“Catcher in the Rye”, by J.D Salinger, is about a boy named Holden Caulfield. He thinks the adult world is a bunch of “phonies.” The novel contains many key symbols that help develop the novel, and to help show Holden Caulfield’s point of view on the way he sees the world. Three of these key symbols include: Holden Caulfield’s red hunting hat, the ducks in the Central Park lagoon, and The Museum of Natural History.
One of the most important and recognizable symbols in the novel is Holden Caulfield’s red hunting hat. It symbolizes his uniqueness. The way he wears the hat gives off an impression that he wants to be very different from everyone around him. He “swung the old peak way around to the back.” This may just be a coincidence, but there is something crucial about the hat’s color. It is red, just like the color of Allie and Phoebe’s hair. This possibly shows that he has a strong connection and relationship with Allie and Phoebe. This is true in a sense because he does make a connection with Phoebe involving the hat. Holden believes that the hat was a barrier. It protected him from turning into a phony adult. Because the hat protected him, he feels that it will do the same thing for Phoebe. Holden took his “hunting hat out of his coat pocket and gave it to her.”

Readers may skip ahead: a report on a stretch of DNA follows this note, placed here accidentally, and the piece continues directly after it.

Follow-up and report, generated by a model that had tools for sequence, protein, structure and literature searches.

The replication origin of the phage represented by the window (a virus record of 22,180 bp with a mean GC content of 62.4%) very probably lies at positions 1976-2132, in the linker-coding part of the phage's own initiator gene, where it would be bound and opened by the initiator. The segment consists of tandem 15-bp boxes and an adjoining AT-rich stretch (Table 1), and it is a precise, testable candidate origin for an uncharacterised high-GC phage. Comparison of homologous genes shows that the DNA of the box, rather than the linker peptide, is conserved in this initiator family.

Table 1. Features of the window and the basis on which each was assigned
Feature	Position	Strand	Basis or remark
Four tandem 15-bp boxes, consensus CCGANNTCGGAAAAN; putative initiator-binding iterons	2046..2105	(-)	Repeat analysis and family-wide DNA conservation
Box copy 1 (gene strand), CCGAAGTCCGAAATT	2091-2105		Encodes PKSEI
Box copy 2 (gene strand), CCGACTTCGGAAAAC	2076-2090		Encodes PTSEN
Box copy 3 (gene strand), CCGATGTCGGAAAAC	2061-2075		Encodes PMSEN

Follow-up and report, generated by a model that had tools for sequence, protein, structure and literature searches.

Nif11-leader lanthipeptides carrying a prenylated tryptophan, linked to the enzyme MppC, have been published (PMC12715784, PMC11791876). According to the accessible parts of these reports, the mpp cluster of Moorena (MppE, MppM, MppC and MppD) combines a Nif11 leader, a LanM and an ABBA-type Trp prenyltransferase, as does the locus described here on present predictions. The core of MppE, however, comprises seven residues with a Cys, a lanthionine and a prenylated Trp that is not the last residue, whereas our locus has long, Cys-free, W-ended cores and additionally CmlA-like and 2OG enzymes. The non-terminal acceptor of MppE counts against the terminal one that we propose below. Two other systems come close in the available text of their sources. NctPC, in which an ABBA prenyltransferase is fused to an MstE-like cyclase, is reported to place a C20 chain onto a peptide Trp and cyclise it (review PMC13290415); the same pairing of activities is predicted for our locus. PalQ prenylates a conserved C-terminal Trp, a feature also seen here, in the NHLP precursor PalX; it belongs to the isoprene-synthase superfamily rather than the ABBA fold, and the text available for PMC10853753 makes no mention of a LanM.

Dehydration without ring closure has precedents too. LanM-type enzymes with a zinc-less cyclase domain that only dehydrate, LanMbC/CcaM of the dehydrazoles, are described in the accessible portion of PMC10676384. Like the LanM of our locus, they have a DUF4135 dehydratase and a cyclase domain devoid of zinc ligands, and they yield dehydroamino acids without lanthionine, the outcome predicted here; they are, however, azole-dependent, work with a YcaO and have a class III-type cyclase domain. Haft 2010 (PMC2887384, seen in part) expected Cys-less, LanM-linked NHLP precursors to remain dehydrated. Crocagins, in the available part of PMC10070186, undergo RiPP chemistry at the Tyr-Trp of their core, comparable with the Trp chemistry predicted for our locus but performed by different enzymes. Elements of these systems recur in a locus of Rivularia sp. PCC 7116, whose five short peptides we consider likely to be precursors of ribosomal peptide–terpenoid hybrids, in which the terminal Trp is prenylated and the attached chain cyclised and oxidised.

Another key symbol in the novel is the ducks in the Central Park lagoon. The ducks in the pond reflect Holden’s personal life conflict. The pond filled with ducks represents childhood, and the pond in the winter that is empty represents Holden’s struggle with adulthood. Every winter, the ducks leave the pond, but they come back in the spring, which means that the change is not permanent, but like a cycle. The pond shows how Holden views the world because it is “partly frozen and partly not frozen.”
The ducks in Central Park is also a motif. It appears constantly through the novel. For example, during both times...